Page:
Skp2 connects Rb, cyclin A, and p27kip1 in oncogenesis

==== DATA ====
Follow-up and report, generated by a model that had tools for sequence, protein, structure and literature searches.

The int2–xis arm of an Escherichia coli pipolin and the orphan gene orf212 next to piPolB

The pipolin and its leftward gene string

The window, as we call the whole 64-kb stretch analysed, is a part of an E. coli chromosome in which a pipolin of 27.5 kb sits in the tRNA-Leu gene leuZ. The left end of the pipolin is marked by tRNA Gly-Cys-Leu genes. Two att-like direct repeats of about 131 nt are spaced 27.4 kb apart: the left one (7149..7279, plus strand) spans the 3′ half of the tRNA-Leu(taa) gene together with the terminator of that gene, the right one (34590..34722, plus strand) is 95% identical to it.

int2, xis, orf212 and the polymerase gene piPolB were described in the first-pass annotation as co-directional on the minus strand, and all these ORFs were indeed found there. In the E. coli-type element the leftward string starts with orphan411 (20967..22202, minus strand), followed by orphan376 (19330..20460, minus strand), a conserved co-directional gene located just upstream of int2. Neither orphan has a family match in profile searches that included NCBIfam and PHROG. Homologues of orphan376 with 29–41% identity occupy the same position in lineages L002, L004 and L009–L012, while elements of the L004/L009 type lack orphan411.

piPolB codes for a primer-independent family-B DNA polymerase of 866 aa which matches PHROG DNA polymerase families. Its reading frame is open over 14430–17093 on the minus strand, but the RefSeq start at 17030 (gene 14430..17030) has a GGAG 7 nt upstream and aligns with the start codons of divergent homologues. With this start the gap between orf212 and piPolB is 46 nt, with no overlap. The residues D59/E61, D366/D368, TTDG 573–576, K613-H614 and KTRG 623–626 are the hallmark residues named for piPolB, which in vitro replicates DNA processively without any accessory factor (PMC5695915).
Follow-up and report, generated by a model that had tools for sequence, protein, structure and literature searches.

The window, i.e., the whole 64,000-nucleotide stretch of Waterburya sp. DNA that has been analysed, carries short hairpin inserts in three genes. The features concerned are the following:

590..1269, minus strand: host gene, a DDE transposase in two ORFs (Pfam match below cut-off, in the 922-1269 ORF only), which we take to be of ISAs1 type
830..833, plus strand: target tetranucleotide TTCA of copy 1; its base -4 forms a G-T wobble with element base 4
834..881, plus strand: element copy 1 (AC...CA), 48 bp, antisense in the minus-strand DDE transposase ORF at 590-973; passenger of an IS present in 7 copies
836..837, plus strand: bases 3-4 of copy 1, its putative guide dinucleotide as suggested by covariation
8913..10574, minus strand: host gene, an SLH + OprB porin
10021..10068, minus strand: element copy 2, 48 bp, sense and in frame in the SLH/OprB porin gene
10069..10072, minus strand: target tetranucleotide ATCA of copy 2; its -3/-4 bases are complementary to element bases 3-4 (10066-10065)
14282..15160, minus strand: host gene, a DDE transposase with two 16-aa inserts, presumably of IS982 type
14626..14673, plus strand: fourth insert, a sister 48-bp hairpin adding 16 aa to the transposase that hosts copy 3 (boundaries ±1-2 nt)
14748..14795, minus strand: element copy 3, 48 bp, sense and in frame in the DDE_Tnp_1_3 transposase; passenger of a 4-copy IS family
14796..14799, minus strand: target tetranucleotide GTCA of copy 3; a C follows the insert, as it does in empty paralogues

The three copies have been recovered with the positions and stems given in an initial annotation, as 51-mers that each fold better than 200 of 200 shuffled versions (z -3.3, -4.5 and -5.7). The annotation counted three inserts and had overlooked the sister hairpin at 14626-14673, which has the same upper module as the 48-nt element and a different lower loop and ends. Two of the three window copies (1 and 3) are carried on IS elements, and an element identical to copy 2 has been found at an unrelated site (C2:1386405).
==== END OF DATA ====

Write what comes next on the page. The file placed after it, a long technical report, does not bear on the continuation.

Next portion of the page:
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Skp2 was first identified in multi-protein complexes with cyclin A and Cdk2 in transformed cells. Subsequent studies revealed that Skp2 is a member of the F-box protein family and recruits the kinase inhibitor p27 for ubiquitination in the SCF-Skp2 complex. Here, we report our recent studies that shed light on these two aspects of Skp2.;We revealed that the tumor suppressor retinoblastoma protein (Rb) interacts with the N-terminus of Skp2 to interfere with Skp2-p27 interaction and inhibit ubiquitination of p27, which leads to acute G1 cell cycle arrest. Disruption of p27 function or expression of the Skp2 N-terminus prevents Rb from causing G1 arrest. This function of Rb is fully retained in a partial penetrance Rb mutant, suggesting that the Rb-Skp2-p27 pathway may suppress progression of tumors initiated when the Rb-E2F pathway is inactivated.;We determined that the Skp2 N-terminus is responsible for the stable Skp2-cyclin A interaction. We demonstrated that the Skp2-cyclin A interaction is mediated by novel interaction sequences on both Skp2 and cyclin A, distinguishing it from the well-known RxL-HP interaction between cyclins and cyclin-binding proteins. We show that Skp2cyclin A interaction is separable from Skp2's ability to mediate p27 ubiquitination, but can directly protect cyclin A/Cdk2 from inhibition by p27 through competitive binding. Mutations in the cyclin A binding domain of Skp2 significantly compromise the proliferation-stimulating activity of Skp2 without affecting its ability to cause degradation of p27 and p21. We also identified an eighteen-residue peptide from cyclin A binding sequences in Skp2 that can block Skp2-cyclin A/Cdk2 interaction but not p27-cyclin A/Cdk2 interaction and can therefore abolish Skp2's protective effects on cyclin A/Cdk2 activity. When delivered into cells, this peptide can cause cell death selectively in cancer cells with IC50 positively correlated with Skp2 abundance. These results identify a new functional mechanism of Skp2 that may play a survival role during tumorigenesis and can be targeted in designing mechanism-based cancer cell-specific therapeutics.
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